When I was eight, the stegosaurus was my favorite dinosaur. When I was thirty-eight, I started browsing Wikipedia during my morning deuce to learn one new fact each day. When I was thirty-eight and forty-one days, the stegosaurus was the featured article on the Wikipedia home page. After reading the entire article, I finished up in the bathroom and called Jackie, my old best friend from fourth grade, and asked her to build a time machine for me. Ever since we were kids, Jackie had been building stuff, and now that we weren’t kids, she could build anything with the right parts. For five straight minutes she complained about how much of a pain in the ass I am, about how random I am, and about how I’m always mucking up her sleep schedule and her work schedule and her everything else schedule, but since she already had all the necessary parts on hand in her autobody shop, she agreed.
Two weeks later she delivered the time machine to my house while I was at work. Once it was there, she sent me a text letting me know she’d be expecting my payment via PayPal. In response I sent her a quick thanks and a smiley face emoji.
During my lunch break, I sat at my desk and watched a YouTube video of two paleontologists debating the possible uses of a stegosaurus’s thagomizer in front of two hundred nine year-olds. The older paleontologist said that since the stegosaurus’s tail lacked ossified tendons, it was much more flexible than most dino tails, and therefore, it was likely used as a weapon. The moment the paleontologist said the word weapon, all the boys in the audience began cheering. The paleontologist smiled uncomfortably and tried to specify that he meant defensive weapon only, but the boys did not hear the word defensive. They only heard the word weapon a second time, and cheered even louder. This made me happy. Not because the boys were being rowdy and disrespectful, but because it made me feel less alone in the many serious miscommunications that occurred in my life on a daily basis. Most of which led to personal, professional, and grammatical disaster. But that’s not the only reason the boys’ reaction made me happy. In contrast to the high-stress social climate of our current times, I enjoyed the sight of such a tremendous level of passion being dedicated to something wholesome, like dinosaurs. And of course, I was also excited about the time machine I had waiting for me at home at the end of the workday, which I decided to name The Thagomizer. So I turned off the video, sent a payment of 3000 USD to Jackie’s PayPal, and ordered a six-inch stegosaurus figurine for my desk here at work. Even if the time machine didn’t work, I’d still have a cool dino figurine to brighten my long and difficult days at the office.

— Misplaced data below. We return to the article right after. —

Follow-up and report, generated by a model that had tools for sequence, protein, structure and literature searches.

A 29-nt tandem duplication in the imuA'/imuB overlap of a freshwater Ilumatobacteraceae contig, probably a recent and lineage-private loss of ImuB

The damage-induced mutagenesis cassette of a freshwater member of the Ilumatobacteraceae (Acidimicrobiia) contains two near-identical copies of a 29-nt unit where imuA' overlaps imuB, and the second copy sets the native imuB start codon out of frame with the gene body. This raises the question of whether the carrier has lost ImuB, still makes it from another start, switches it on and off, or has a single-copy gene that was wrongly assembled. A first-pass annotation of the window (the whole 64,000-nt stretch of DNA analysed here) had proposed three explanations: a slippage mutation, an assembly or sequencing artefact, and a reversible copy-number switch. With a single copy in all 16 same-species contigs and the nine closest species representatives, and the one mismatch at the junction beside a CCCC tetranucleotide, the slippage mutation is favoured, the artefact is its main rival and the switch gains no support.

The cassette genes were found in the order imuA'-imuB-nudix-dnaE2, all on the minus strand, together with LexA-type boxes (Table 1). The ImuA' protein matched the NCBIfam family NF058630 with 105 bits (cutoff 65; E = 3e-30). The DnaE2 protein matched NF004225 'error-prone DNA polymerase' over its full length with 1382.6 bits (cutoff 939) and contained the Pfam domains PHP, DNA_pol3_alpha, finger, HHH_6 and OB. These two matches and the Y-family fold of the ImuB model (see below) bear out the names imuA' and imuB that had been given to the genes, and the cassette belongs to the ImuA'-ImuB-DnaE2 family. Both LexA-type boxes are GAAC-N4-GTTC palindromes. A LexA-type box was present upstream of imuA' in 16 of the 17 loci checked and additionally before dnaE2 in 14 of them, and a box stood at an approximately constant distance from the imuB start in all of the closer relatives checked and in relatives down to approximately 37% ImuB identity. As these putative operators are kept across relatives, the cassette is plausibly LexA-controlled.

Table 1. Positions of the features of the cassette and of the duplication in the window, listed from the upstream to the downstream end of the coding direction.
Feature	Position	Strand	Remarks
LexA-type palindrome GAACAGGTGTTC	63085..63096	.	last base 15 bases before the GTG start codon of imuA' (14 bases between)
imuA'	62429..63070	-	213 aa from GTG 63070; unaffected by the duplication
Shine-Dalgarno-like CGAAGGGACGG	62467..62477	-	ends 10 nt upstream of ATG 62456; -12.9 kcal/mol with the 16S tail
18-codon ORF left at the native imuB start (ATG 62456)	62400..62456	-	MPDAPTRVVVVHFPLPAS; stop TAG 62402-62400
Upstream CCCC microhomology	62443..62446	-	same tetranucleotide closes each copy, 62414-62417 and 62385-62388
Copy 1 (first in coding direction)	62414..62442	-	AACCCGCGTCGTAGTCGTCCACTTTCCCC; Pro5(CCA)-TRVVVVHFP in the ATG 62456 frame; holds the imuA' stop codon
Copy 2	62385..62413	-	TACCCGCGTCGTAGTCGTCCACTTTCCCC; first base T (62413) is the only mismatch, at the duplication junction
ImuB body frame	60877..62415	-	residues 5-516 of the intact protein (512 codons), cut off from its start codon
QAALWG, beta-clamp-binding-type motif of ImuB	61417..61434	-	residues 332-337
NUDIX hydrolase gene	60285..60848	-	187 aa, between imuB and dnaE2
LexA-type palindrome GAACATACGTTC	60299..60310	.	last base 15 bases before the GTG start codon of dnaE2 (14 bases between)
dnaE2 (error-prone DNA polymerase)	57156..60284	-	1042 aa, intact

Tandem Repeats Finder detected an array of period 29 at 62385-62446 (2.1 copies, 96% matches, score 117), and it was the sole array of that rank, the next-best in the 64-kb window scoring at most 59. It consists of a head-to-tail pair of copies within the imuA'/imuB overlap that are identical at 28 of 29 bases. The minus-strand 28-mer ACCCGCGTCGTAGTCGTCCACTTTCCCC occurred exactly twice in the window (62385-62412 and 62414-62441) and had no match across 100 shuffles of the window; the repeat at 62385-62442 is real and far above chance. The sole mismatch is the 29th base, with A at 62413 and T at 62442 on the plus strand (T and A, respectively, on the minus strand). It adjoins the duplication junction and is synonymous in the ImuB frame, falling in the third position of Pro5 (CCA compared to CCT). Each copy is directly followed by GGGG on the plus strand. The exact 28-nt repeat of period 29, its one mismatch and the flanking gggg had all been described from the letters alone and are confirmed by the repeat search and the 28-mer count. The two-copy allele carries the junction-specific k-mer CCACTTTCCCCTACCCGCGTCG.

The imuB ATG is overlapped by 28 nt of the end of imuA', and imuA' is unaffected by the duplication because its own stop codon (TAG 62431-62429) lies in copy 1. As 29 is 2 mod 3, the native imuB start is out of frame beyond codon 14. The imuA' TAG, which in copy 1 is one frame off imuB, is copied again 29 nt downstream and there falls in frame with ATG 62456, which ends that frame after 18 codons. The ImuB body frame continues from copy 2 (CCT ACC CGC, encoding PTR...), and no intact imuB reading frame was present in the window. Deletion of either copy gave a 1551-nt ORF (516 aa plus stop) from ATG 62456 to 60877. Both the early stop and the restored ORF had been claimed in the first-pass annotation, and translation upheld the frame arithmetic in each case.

When I got home from work, I hopped inside The Thagomizer and took a trip back to the late Cretaceous. The moment I stepped into that primordial world, streams of sweat began to slide down my body. It was very, very hot, and there was quite a bit of moisture in the air.
Wandering around a stand of ancient oaks whose ghosts would haunt my house seventy million years in the future, I tromped into a dense forest. Overhead, I spotted an archeopteryx; its call was shrill and fearsome. On my right, I caught a quick glimpse of the spiked armor and heavy tail club of an ankylosaurus. To the left, I saw the disappointingly empty underbrush. So I slipped my phone out of my pocket and snapped a few photos of the two dinos in my area. But because of my sweaty fingers, my trembling hands, and my thudding heartbeat, the shots came out blurry, off-center, and poorly composed. I didn’t care. The experience alone was worth it.
I trudged through the forest for another few minutes. But no matter where I looked, I didn’t find the dino I wanted to see most: my old friend the stegosaurus. This was disappointing. But once I realized it was very, very unlikely that I’d come across one specific dino out of thousands of different species, I walked back to The Thagomizer and returned home.
When I flicked back to the present day, the ground was much lower than it had been in the Cretaceous. Because of this, The Thagomizer fell twenty feet and crushed the new bike of the nine year-old kid next door. Moments later the kid ran out of his house and started to cry. Clambering out of my time machine, I apologized and slipped the kid twenty bucks. He took the money, but he didn’t stop crying. So I unlocked my phone and looked at him.
“You want to see some real life dinosaurs?” I said.
The moment he heard the word dinosaurs, he stopped crying and looked at me with a hopeful glitter in his eyes.
I clicked on my most recent photo, showed him my phone, and scrolled through my blurry shots from the Cretaceous.
“Ankylosaurus,” I said, stopping my scroll and pointing at the screen. “Look at that club on his tail. Paleontologists say he used to use that club as a weapon.”
“Wow,” the kid said. “That’s pretty cool.”
I let the kid look at the rest of the pictures on his own. Once he was done, he dropped my phone in the grass and went back inside his house.
Later that night, the kid’s dad knocked on my door and demanded that I pay for his son’s bike that I ruined. Since I didn’t have any more money, I offered him The Thagomizer and we called it square. I didn’t mind. My stegosaurus figurine would be arriving in the mail soon, and that was good enough for me.
Steve Gergley is the author of the short story collection, A Quick Primer on Wallowing in Despair (LEFTOVER Books ’22), and the forthcoming novel, Skyscraper (West Vine Press ’23). His short fiction has appeared or is forthcoming in Hobart, Pithead Chapel, Maudlin House, X-R-A-Y Literary Magazine, Barren Magazine, New World Writing, and others. In addition to writing fiction, he has composed and recorded five albums of original music. He tweets @GergleySteve. His fiction can be found at: https://stevegergleyauthor.wordpress.com
image: Jade Hawk is a meat popsicle.